Cormac’s bride, Serena, sat by his side, just as petrified and ashen-faced as she’d been at their wedding a little over a year ago. Her mind was almost but not quite as susceptible to the takeover of dark forces as Loch Raven’s had been. And so Serena was ever fearfully watchful, yet preposterously so, because she really was bereft of any ability to do anything about it, to save herself from even the whims of another person let alone the powerful forces of mental darkness. Yet it was this very architecture of her helplessly splayed-out soul in conjunction with her striking beauty and intelligence that made people want to rescue her, just as they felt compelled to try to rescue Loch Raven.
Cormac and Serena met in the town library. And although it was far from love at first sight, they were both in need of companionship so defaulted to seeing each other regularly. Soon they’d fallen into a convenient pattern that colored over the reality of their situation. Cormac had begun to think Serena suited him nearly perfectly, although he hadn’t thought to analyze why. Serena, for her part, thought Cormac’s big, blank love would camouflage all her imperfections and she couldn’t imagine ever wanting to get out from under his undying loyalty. Naturally, they decided to get married, never mind that it’d only been three months to the day and hour of their meeting at the library.
The wedding had gone as awkwardly as one might expect the joining of two virtual strangers to go. It took place outside Cormac’s rickety old house with a handful of family members present. Serena looked her petrified and ashen-faced self and the guests looked bemused. Only Cormac and Loch Raven looked the kind of joyous one would expect at a wedding. Loch Raven was positively glowing. She was perhaps the only one of the three that saw clearly how much she had in common with Serena and therefore why it was that Cormac was marrying her.
Serena had not been as equally enthused. In Loch Raven she saw every thing in herself that she despised. She was more in tune with this strange girl than she felt comfortable with and she could feel the sickness that heavily clothed the girl. It wreaked all too familiarly of the demons that tried to suffocate her own mind from time to time. And in her opinion, a twenty year old should be out in the world making her own way just like she had been forced to do by her father. So when Loch Raven had tried to involve Serena in her life, to comment on her artwork, to listen to her music, to help her settle on a career, and that sort of thing, Serena had been genuine and forthcoming but had mostly shied away from interaction.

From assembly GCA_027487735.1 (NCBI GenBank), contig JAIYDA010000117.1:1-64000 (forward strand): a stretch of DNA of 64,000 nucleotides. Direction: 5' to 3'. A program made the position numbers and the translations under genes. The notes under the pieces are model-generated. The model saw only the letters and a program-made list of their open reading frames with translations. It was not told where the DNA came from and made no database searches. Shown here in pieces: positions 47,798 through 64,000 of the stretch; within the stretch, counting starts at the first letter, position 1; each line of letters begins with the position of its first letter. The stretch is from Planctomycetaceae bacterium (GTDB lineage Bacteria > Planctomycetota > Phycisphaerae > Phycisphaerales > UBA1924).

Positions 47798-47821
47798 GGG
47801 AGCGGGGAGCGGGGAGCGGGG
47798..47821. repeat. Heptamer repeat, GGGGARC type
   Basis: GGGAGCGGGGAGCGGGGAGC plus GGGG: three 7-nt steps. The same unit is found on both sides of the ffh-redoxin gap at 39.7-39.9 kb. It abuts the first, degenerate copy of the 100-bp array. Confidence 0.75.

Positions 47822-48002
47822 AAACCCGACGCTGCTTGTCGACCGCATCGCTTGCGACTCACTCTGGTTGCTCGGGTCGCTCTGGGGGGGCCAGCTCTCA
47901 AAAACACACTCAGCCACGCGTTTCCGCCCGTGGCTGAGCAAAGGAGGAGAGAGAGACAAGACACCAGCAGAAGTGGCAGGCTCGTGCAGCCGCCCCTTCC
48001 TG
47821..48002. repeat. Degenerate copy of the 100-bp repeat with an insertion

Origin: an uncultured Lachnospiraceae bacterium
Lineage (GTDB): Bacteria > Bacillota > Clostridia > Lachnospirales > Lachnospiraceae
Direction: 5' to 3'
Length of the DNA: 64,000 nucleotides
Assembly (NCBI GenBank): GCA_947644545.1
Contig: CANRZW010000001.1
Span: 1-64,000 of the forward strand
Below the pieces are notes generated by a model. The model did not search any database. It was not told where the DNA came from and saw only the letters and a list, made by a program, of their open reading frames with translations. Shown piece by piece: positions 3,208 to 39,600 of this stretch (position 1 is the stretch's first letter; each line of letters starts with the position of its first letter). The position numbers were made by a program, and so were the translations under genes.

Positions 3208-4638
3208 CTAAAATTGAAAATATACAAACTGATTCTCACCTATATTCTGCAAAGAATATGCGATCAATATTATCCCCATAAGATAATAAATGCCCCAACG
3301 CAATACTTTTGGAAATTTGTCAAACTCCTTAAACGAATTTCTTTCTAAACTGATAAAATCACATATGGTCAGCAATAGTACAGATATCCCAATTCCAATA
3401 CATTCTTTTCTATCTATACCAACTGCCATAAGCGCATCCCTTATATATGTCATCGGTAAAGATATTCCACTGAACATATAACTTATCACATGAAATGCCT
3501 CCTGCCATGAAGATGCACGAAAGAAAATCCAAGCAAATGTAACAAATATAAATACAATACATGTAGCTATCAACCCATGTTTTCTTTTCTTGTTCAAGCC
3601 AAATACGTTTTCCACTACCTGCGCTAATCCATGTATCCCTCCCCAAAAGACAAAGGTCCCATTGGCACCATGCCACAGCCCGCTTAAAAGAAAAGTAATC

Serena remembered now how the two had discussed the blankness of Cormac’s love and how it rendered him powerless to be of any help to either of them. Loch Raven expressed her concern that the falling down house was haunted and was controlling them, trapping them all, and would hold them hostage until they died. She said she felt that as long as she was under her father’s care here, she would come to ruin. She’d asked what Serena thought she should do and Serena had recommended what she, too, wanted to do but felt powerless to do under Cormac’s roof. Serena had held Loch Raven’s shoulders firm, looked deeply into her eyes, and told her to run far away, to just do it, to seek out a community of like-minded people, of artists, of musicians, and to let the common desire of this community fuel her desires to be and to do all the things she wanted to do and be.
Now Serena sat in a sorry, cheap plastic folding chair in front of the closed casket that held Loch Raven’s mutilated body and she understood with perfect, unrelenting clarity why she had killed herself. She saw everything with perfect clarity now, just a little too late. She saw that Loch Raven had held up blind faith that she would be a bright spot in her life, that she’d be an inspiration to her. She’d hoped that since they were both artists and musicians that they would become allies and start something up together. She’d hoped they’d band together and break free of the spell in their heads, the spell in her father’s house.
Serena looked up at the portrait of Loch Raven that sat atop the casket and an unforgiving bolt of realization ramrodded her body. She knew the baton had been passed and that she was next.
Missalister’s “Diminuendo,” copyright © 2008, was spun off the Sunday Scribblings prompt “#130 – Wedding.” Click here for more on prompt #130 from other Sunday Scribblings participants